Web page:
To me the most surprising thing is that she never pushes back. Why doesn’t she ask about the camera in her bedroom? When she is told that she is only getting about a third of her monthly salary, with the rest being held back as a “completion bonus” after one year, she doesn’t bat an eye. At the end we learn of an additional motivating factor that could account for these things, but that factor feels contrived to me and doesn’t add to the story. It actually weakens it, partly because Megan Miranda just published a mystery with similar features.

The ghostly noises that come in the night are augmented by the smart home features, and here I can only bow in admiration. I also appreciate the poison garden, which is wickedly cool.

The red herrings are obvious ones, and I figured out most of the outcome early on. The shocker at the end didn’t seem credible to me. It took me a long time to buy into the format. The beginning is in the form of a letter our protagonist writes from prison to obtain legal help. But Ware is skilled at creating a hypnotic narrative, and by the ten percent mark I forgot about that aspect and focused on the story itself. Despite a predictable outcome or two, I found the ending satisfying.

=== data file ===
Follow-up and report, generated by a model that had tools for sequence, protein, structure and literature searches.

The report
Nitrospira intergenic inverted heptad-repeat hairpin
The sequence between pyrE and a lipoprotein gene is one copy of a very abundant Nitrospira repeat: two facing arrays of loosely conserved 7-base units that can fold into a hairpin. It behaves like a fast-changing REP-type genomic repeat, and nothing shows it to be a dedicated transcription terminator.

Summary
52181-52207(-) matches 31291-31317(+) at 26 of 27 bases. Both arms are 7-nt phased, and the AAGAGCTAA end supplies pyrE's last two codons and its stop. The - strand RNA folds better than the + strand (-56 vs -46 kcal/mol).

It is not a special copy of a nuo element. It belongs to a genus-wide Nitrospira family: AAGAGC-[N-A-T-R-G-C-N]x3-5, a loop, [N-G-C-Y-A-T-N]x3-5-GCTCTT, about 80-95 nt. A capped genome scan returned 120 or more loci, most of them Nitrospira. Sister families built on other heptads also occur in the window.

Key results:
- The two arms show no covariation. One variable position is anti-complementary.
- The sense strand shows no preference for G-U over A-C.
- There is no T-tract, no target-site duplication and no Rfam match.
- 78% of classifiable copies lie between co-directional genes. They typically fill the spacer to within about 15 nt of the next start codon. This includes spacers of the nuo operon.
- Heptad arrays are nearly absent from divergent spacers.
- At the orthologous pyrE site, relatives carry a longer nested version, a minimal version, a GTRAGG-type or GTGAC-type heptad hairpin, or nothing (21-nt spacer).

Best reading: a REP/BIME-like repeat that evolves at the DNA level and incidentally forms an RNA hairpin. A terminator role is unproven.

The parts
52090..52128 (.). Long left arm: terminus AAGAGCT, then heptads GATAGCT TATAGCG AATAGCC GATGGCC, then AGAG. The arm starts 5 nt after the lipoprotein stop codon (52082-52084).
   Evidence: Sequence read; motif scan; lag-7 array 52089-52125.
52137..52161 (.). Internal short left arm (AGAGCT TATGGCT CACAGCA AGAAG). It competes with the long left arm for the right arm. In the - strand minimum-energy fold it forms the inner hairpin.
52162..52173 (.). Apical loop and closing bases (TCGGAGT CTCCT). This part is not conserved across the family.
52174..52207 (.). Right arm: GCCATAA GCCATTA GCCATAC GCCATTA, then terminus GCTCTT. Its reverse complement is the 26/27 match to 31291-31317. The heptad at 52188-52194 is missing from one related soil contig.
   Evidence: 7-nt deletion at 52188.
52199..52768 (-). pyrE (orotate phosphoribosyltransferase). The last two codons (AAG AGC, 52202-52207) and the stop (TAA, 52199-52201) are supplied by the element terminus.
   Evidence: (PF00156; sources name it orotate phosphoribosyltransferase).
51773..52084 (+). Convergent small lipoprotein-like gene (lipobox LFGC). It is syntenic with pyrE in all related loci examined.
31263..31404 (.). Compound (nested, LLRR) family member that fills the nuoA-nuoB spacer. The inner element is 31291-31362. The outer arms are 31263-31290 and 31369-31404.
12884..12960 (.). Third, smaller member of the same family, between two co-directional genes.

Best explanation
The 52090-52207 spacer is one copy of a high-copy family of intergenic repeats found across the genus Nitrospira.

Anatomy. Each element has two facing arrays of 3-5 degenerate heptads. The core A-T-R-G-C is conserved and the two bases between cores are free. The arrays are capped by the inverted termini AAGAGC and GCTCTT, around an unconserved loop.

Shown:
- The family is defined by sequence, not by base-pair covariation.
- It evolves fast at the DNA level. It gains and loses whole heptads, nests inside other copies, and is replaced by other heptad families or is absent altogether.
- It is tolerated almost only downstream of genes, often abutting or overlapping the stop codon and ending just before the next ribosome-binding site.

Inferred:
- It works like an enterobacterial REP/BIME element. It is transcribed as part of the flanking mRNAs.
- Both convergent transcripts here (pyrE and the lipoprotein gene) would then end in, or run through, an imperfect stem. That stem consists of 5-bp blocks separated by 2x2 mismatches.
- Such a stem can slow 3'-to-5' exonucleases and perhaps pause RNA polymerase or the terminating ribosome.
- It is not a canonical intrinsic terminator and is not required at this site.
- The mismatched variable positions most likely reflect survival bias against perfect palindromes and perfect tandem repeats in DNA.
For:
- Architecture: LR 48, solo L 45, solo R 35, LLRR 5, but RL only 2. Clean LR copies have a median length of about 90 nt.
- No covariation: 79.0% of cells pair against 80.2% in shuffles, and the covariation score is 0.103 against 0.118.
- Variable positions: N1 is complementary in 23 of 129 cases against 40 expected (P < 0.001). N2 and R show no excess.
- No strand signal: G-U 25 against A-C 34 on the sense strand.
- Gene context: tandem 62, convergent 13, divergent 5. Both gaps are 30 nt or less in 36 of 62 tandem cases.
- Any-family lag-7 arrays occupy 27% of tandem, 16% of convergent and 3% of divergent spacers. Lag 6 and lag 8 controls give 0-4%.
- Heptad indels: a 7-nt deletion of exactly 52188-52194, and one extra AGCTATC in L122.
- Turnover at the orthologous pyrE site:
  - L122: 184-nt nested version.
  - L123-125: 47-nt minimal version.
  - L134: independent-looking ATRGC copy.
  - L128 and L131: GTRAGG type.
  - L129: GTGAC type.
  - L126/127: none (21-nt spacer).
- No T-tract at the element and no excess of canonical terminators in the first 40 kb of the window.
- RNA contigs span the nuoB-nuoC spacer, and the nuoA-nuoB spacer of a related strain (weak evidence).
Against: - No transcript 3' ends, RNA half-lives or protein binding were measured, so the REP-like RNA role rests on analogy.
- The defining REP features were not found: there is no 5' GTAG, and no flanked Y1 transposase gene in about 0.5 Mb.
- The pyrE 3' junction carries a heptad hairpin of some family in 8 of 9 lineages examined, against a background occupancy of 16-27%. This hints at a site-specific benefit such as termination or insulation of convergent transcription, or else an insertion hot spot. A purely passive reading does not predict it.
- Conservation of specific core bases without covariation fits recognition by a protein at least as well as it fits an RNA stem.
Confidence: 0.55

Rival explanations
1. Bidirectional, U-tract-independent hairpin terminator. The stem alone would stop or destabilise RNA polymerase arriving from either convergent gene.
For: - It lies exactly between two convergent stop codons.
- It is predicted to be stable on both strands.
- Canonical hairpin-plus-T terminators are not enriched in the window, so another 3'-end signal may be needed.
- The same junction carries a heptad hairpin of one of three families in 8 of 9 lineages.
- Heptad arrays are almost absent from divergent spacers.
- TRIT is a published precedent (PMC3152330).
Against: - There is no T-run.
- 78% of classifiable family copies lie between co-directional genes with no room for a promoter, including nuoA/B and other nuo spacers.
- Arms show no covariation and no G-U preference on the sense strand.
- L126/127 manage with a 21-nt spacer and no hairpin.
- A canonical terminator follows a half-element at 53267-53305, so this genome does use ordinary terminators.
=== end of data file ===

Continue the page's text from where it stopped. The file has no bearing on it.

That said, I love the use of the microphone feature in gmail that gives Rowan’s charge Ellie, the kindergartener, the capacity to send messages; particular the cute little errors (the messages that read “fairy” instead of “very” and so forth) are adorable.

This is a fast read and a deeply absorbing one. It’s available now.